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Director sells an era's innocence

OSCAR-WINNING director Ang Lee conjures the optimism of late 1960s America in a touching film based on the true story of Elliot Tiber, who was instrumental in organizing the legendary Woodstock concert.

In "Taking Woodstock," news footage and the presence in the cast of troubled Vietnam war veteran Billy, played by Emile Hirsch, are reminders of the violent backdrop to the event.

But they barely intrude upon what is a feel-good movie in which Lee aimed to capture what he called "the last moment of innocence," and a contrast to his most recent films "Brokeback Mountain" and "Lust, Caution," both tragedies.

"I was yearning to do a comedy/drama again without cynicism," Lee said yesterday at the Cannes film festival, where "Taking Woodstock" is in the main competition.

"For me 1969 is a glorified idea, a romantic image of the late 1960s, the last piece of innocence we had, at least in my mind," the 54-year-old director said.

"To me it's the innocence of a young generation departing from the old establishment and trying to find a more refreshing way, more fair way to live with everybody else.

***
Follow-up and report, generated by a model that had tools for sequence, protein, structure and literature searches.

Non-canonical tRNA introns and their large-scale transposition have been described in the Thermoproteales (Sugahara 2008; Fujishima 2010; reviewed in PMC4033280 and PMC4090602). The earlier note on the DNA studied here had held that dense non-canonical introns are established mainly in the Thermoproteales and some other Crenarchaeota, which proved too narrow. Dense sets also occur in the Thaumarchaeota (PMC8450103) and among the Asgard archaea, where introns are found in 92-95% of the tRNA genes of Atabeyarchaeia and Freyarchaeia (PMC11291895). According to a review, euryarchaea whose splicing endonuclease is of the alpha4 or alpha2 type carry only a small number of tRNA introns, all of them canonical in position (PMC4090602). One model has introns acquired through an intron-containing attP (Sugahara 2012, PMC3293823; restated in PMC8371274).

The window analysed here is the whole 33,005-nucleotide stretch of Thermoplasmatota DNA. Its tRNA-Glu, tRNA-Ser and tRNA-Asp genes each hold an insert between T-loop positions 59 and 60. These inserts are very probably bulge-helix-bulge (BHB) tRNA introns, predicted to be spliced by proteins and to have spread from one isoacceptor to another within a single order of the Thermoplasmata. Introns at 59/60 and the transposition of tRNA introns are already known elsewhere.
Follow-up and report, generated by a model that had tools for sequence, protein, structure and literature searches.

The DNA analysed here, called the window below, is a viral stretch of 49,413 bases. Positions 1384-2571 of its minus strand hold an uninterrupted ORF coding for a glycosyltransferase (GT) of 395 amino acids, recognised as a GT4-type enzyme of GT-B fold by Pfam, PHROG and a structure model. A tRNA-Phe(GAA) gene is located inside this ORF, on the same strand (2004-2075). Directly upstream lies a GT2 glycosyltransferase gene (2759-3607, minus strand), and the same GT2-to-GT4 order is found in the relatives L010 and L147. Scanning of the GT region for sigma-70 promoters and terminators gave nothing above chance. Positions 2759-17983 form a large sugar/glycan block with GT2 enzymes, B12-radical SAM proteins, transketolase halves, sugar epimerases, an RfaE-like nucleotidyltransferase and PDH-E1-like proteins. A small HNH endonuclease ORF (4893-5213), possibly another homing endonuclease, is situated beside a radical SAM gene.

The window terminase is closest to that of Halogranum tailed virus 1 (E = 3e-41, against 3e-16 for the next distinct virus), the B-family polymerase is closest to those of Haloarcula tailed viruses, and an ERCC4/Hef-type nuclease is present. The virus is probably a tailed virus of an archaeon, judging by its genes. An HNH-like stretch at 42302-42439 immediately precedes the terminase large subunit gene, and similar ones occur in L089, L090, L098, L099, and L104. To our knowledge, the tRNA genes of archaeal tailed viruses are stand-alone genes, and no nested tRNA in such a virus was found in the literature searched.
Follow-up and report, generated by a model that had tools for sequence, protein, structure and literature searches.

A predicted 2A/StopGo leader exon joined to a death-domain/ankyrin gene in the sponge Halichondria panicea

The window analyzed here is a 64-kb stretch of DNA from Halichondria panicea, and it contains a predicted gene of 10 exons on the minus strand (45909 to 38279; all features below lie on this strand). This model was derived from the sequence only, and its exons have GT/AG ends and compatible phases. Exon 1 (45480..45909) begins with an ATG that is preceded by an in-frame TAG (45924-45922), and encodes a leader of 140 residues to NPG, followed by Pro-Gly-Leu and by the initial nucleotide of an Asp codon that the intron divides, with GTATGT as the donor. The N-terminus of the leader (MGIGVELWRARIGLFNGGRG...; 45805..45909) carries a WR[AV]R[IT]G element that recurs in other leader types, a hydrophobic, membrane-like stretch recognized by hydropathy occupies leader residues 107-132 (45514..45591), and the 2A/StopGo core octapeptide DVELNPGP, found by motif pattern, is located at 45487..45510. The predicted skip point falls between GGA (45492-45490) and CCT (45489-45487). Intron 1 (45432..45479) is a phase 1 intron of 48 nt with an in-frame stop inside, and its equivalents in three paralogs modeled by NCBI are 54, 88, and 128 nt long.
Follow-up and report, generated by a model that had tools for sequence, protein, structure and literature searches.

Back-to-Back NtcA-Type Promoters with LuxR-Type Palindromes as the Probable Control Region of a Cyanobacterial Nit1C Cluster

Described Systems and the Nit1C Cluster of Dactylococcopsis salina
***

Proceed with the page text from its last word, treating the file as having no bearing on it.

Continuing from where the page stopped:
"You have to give those half a million kids the credit of actually having three days of peace and music, nothing violent happened.

"I don't know if it could happen today."

An estimated 500,000 fans turned up in August 1969 to hear the likes of Janis Joplin, The Who and Jimi Hendrix perform on a dairy farm belonging to Tiber's neighbour Max Yasgur.

"Taking Woodstock," which is based on Tiber's memoirs, will be released in cinemas on the 40th anniversary weekend of the legendary concert.

Rather than recreating the concert itself, it follows Tiber, portrayed by comedian Demetri Martin, his family and friends from the town of Bethel as they prepare to host an event that turned out to be one of the biggest and most important in rock history.

The event was captured in Michael Wadleigh's three-hour 1970 documentary, which picked up an Oscar.

Lee acknowledged the influence of the documentary on "Taking Woodstock," and writer James Schamus said he hoped the movie would encourage people to go and watch the earlier work.


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